There’s nothing more marvelous than plumbing. Running water, a hot shower, and a toilet is luxury. But how does plumbing work? Click here and find out more.
You love your home plumbing – but do you know how to answer the question, “How does plumbing work?”
If you’ve ever been on a long camping or backpacking trip, you no doubt returned with a newfound appreciation for the miracle of modern plumbing. But it’s not magic – and anyone can learn the basics of home plumbing.
How does plumbing work?
In this guide, we’ll answer that question in terms anyone can understand. Keep reading to learn what you need to know about home plumbing!
How Does Plumbing Work? An Overview
Your home’s plumbing system is made of a network of pipes. It includes drain pipes, vent pipes, water supply pipes, and other kinds of pipes.
The plumbing system is complicated, which is why it tends to be more expensive to repair than other home systems. However, that’s why it also pays to learn to answer the question, “How does plumbing work?”
When you understand a little bit about your plumbing system, you can more quickly address problems. You’ll know what you might be able to do it yourself, and when it’s time to call a plumber.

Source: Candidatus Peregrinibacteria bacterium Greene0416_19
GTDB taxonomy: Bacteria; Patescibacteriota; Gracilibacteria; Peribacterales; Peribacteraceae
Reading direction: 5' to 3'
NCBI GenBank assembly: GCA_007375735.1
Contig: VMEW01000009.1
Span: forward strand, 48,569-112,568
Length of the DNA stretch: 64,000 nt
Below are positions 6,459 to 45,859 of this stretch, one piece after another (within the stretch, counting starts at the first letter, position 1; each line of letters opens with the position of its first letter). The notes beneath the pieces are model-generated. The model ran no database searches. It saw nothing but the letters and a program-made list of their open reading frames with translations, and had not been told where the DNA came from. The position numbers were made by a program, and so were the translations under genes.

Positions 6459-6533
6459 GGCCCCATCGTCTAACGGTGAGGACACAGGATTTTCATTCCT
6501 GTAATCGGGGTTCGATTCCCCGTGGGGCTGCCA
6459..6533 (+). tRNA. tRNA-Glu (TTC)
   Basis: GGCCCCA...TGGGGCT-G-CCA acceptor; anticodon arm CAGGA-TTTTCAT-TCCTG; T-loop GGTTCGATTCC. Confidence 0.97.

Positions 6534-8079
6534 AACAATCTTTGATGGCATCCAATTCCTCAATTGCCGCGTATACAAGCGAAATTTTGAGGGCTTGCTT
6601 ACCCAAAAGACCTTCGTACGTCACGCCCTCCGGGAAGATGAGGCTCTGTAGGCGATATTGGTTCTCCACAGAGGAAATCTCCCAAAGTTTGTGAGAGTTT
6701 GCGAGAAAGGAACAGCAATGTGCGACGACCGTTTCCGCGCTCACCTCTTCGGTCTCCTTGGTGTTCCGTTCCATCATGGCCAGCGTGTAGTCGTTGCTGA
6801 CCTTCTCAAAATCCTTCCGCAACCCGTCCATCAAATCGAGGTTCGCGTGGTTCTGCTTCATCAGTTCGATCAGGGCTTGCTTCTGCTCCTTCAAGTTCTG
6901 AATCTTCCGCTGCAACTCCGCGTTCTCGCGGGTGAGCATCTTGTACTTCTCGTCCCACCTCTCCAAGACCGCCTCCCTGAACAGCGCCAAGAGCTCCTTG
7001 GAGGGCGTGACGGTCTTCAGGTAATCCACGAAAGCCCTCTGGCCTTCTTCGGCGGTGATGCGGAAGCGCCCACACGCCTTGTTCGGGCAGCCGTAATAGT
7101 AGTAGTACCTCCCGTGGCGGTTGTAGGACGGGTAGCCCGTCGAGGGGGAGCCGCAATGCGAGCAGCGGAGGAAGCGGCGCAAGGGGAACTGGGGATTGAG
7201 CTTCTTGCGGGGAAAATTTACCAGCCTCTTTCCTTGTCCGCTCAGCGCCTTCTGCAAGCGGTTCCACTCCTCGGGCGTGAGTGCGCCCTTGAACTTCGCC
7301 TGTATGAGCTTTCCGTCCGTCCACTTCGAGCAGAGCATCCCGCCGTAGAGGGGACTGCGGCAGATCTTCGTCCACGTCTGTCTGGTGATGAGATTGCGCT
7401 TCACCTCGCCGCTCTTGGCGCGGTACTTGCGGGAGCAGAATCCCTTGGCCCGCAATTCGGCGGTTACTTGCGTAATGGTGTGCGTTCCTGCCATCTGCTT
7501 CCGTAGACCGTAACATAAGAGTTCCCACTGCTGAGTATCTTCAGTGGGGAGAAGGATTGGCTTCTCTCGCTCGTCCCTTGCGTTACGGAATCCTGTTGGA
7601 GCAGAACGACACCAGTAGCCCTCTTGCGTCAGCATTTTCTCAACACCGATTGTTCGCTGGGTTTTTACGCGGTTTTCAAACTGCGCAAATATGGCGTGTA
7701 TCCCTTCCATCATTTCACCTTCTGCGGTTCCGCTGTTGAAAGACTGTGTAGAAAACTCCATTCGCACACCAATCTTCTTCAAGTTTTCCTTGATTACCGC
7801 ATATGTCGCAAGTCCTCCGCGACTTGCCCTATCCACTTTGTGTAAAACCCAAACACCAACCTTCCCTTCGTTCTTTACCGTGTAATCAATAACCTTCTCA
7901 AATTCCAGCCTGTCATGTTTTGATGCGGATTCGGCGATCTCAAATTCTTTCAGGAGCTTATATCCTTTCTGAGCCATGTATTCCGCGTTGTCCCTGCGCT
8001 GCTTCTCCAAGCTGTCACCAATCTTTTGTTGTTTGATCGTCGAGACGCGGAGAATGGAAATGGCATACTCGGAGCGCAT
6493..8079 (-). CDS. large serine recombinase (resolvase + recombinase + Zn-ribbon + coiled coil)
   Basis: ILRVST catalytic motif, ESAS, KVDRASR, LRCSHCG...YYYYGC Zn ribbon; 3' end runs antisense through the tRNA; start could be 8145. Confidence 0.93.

And when they come, you can help correctly point them to the issue that needs to be resolved.
A plumbing system essentially has to get water to all the fixtures, faucets, and appliances that use water in your home. It also has to remove waste water efficiently without getting backed up or clogged.
A good plumbing system can also save you a lot of money over time. If you plan ahead when you design the system, you can put rooms like the bathroom, kitchen, and laundry room next to each other, so parts of the plumbing can be shared.
The plumbing system is actually a network of a few different interconnected systems. The home gets fresh water through the water supply pipes, usually from a well or water utility. That water flows to the toilets, sinks, showers, washing machines, and other fixtures in the house.